China and Hungary have maintained friendly diplomatic relations for a long time, and the two countries support and benefit each other in the international community. Driven by Hungary's "opening to the East" policy and China's Belt and Road Initiative, Hungaria-China cooperation has been further strengthened and bilateral relations have reached new heights in political, economic, trade and people-to-people exchanges. In the international context of the changing world order, Hungary and China should continue to work together in times of difficulty to promote the steady and long-term growth of bilateral relations.
The current world order is undergoing changes. The center of gravity of the world economy is constantly shifting eastward. The unipolar world pattern formed after the end of the Cold War between the United States and the Soviet Union is transforming into a multipolar one. In 2010, sensing this shift in the world order, the Hungarian government announced an "opening to the East" policy. Hungarian Prime Minister Viktor Orban said his country had been sailing with the West's sails, but now there was an "east wind" blowing in the sea of the world economy.
Since 2010, Hungary and China have been getting closer and closer in politics, economy and culture, thanks not only to the "opening to the east" foreign policy of the Hungarian government, but also to the common ground in the way of thinking of the two countries.
This year marks the 10th anniversary of China's Belt and Road Initiative. In 2015, Hungary became the first European country to join the initiative. Outside the framework of the Belt and Road Initiative, the two countries have also conducted friendly exchanges in various forms. As early as 1949, Hungary was one of the first countries to recognize and establish diplomatic ties with the People's Republic of China. For more than 70 years, the two countries have supported and benefited each other. In 1982, thanks to China's help, Hungary joined the International Monetary Fund, which fully demonstrated the friendship between the two countries. In the 1980s and 1990s, a number of Chinese delegations went to Hungary to learn economic policies and accumulate experience for domestic reform. Thanks to the sound economic and financial relations between the two countries, the Bank of China set up a representative office in Hungary in 2002, becoming the first Chinese bank in Central and Eastern Europe.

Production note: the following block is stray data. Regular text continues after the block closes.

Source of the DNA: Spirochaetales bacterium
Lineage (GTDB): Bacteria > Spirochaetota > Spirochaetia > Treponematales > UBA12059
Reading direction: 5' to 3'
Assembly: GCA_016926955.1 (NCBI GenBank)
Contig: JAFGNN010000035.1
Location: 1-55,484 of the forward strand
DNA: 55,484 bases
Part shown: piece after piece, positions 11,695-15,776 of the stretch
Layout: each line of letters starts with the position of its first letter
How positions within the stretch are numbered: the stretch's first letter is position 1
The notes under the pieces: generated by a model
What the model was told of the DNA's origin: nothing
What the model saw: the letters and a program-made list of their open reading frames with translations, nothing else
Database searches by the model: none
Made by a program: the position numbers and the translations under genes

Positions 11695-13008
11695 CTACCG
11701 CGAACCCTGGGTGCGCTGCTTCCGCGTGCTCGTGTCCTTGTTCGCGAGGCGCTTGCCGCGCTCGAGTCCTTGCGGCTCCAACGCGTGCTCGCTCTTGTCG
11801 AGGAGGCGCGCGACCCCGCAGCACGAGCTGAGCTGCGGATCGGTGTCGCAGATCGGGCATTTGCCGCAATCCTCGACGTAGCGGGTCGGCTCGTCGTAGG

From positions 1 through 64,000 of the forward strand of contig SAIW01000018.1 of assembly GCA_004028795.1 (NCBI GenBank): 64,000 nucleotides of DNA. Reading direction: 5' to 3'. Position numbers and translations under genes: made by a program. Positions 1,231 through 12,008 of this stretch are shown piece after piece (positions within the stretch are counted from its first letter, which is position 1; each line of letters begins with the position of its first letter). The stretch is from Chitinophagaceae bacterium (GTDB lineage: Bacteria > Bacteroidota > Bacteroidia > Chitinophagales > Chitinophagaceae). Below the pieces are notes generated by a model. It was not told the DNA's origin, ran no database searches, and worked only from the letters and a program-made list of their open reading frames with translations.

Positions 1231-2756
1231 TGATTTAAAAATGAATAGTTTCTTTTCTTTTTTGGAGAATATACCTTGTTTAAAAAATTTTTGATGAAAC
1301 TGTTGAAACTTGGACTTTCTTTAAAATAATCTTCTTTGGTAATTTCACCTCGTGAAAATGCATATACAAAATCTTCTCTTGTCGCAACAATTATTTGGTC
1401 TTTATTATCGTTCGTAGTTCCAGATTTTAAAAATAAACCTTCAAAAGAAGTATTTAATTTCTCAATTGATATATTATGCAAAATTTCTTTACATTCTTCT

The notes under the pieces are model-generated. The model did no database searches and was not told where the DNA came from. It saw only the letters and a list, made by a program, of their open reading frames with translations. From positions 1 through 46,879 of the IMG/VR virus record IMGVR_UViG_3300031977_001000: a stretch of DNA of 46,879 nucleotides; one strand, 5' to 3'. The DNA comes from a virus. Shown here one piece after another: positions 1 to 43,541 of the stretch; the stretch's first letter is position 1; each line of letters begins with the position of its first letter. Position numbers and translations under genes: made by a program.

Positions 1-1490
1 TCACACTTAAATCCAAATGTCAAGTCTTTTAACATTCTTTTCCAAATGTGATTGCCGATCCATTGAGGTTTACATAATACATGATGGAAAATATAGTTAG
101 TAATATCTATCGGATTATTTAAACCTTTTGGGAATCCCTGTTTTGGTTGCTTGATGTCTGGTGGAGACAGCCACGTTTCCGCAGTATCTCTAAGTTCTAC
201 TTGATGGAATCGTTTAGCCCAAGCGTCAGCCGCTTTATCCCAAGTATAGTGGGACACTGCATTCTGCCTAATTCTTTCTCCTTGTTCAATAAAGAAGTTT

In addition to economic ties, the two countries also interact in the cultural field. For example, the 19th century Hungarian poet Pedofi's poem "Freedom and Love" is very popular in China, and Hungarian inventor Rubik's cube is also very popular in China.
In recent years, Hungaria-China friendly relations have been further developed, especially since Hungary implemented the "opening to the East" policy in 2010, and bilateral relations have reached a new height. Fruitful results have been achieved in the five pillars of the Belt and Road Initiative, namely the "five links".
First, policy communication. In 2012, Hungary played an important role in the establishment of the "16+1" cooperation mechanism between China and Central and Eastern European countries, which is an important part of the Belt and Road Initiative. In 2015, Hungary was the first country to join the Belt and Road Initiative. In 2017, the sixth Summit of China and Central and Eastern European Countries was held in Budapest, capital of Hungary. In 2018, Hungary attended the first China International import Expo in Shanghai as the guest of honor. Prime Minister Orban has participated in the Belt and Road Forum many times. Political partnership and economic cooperation have strengthened the ties between Hungary and China.